Trying to keep swearing away from your kids isn’t easy.
They have sharp ears, they have friends with older siblings,
and they have the uncanny ability to ask to watch movies where you totally
forget about the curse words until it’s already too late. (All of those classic
80s movies you can’t wait to share with your kids? Just a heads-up — they are
ALL full of swears.)
There’s a certain point where you just have to cut your
losses and accept that your kid knows the d-word… and the b-word… and yes, even
But hearing your sweet little darling say the f-word doesn’t
have to always be a hair-raising experience. Putting aside the fact that little
kids swearing is one of the funniest things in the world, there are situations
where curse words are actually GREAT for your kids.
No, really. Here are five moments where I was happy (heck,
downright grateful) that my daughter got to see, hear, and experience the
But, yes, they do use the f-word a few times in the
libretto. So, should I have kept that music from my kid because of “appropriateness
concerns” or should I have let her experience a musical phenomenon that has
inspired in her a love of both music and history? It’s no contest. I let her
sing the f-words from Hamilton with
2. Reacting to
A few months ago, my kid came home from a sleepover in
tears. Some girls, former friends, had spent the night teasing her and mocking
her relentlessly — classic mean girls behavior. And my daughter was beside
herself. Why were they so mean? What was wrong with her? None of my pleas for
her to calm down were working, so I resorted to the nuclear option.
I said, “F___ those girls.”
That got her attention. I then told her that she could say
it herself. After a hesitant moment, she replied with, “Yeah, F___ those girls,”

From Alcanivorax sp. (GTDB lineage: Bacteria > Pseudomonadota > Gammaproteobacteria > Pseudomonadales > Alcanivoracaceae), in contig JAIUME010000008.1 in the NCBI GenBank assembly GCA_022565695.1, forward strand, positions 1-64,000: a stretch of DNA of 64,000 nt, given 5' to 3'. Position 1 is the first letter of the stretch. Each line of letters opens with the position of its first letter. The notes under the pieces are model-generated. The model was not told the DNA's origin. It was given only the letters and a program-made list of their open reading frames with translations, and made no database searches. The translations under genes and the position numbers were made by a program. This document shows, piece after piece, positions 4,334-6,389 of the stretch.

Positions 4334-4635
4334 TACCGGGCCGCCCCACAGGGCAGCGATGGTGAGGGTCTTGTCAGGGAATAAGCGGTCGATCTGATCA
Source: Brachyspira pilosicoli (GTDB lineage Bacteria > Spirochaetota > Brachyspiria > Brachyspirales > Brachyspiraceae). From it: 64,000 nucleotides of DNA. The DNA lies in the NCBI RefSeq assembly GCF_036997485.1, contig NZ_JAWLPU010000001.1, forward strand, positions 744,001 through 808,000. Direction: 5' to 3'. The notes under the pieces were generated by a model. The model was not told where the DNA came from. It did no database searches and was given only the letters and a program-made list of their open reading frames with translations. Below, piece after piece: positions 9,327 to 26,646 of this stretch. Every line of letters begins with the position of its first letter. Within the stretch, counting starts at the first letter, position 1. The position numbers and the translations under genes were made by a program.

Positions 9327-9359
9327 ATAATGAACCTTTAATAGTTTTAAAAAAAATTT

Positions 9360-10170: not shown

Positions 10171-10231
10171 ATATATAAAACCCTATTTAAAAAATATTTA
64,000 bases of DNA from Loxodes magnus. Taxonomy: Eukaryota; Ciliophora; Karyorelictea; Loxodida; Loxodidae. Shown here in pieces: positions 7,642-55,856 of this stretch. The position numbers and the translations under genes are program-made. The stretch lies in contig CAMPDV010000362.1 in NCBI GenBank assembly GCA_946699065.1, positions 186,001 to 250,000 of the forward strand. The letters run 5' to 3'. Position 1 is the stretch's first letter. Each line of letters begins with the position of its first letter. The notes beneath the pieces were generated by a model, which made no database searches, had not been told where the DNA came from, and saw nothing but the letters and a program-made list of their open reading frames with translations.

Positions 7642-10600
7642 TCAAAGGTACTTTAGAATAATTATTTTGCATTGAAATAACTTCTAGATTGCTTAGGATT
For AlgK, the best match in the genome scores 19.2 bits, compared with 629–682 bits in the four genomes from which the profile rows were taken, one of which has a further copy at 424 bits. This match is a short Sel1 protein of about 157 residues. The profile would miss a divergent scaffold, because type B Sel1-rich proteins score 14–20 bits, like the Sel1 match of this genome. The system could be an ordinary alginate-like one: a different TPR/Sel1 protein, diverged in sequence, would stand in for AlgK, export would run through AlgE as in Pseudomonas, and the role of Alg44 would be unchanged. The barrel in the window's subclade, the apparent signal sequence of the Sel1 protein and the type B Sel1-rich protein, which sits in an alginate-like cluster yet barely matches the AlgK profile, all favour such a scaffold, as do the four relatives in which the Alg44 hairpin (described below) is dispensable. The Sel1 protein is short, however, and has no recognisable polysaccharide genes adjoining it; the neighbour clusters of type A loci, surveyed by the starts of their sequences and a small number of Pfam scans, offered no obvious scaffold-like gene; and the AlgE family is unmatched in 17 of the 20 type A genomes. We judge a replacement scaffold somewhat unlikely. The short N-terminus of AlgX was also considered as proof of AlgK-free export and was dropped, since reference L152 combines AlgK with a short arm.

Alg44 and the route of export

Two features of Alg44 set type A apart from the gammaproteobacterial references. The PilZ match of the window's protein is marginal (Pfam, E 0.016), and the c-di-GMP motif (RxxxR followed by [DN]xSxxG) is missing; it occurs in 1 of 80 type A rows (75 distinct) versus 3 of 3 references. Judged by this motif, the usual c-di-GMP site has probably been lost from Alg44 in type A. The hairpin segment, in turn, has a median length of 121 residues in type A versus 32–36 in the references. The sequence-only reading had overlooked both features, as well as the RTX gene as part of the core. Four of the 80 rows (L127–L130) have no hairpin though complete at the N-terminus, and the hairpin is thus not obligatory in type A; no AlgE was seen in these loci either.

and the effect was instantaneous. Letting my kid use that one taboo word robbed
the bullies of all their power and gave her a sense of empowerment. So what if
they teased her? Do they even know what her dad let her call them back at home?!
One little word transformed my daughter from victim into a victor. What’s not
It’s one of my favorite movies. She grew up listening to the
soundtrack and loving the music. There’s almost nothing objectionable in the
movie… aside from a handful f-words.
So I let her watch it. And she loved it. (I regret nothing.)
4. Looking at modern
Years ago, I took my daughter to an art museum and, in their
contemporary wing, there were a few pieces of artwork that featured the f-word
They IMMEDIATELY captured her attention. “Dad… Dad… Dad… do
you see that?”
I could’ve shielded her eyes and run out of the room, but I
didn’t. Instead, I started a conversation with my daughter about WHY an artist
would want to use that word in their art. It was, without a doubt, one of my
favorite conversations with her that I’ve ever had. She was curious, insightful
— she really wanted to understand why someone would incorporate that kind of
language in a piece of art. And I never would’ve had that moment with her, if I’d
run out of the room in shock at the first sight of the word.
5. Asking what it
The first time I ever heard my daughter say the f-word, I
didn’t know how to react.
Did she just say what I think she said?
When I brought it up, she was embarrassed, mortified even.
She’d heard an adult using it and had just tried it on for size, not knowing what
she was doing. She was convinced that I was going to punish her forever and
take away her toys.
Instead, I took a different approach. I said, “What do you
think f___ means?”
She was shocked to hear me say the word out loud, but I
wanted her to know I wasn’t mad. She hadn’t used the word in malice or spite.
She’d accidentally heard a grown-up use it and there’s just no way you can
unring that bell.
So, instead of trying to make her pretend it never happened,
I brought the topic out into the light. I let her know that no one was angry
and told her we should have a conversation about the word, just so she
completely understood what it was she was saying.
That started a ten-minute discussion about the f-word, where
it was referenced heavily, which ended with my daughter actually having an
understanding of what swearing meant rather than just ignoring that she’d
stumbled onto a word of power. Now if she used it again, I knew she understood
its meaning and could honestly now be expected to deal with the consequences of
saying it, which, at the time, seemed like the fairest way to deal with it.
Because swearing isn’t inherently bad. Swearing irresponsibly
is and now my daughter knows the difference.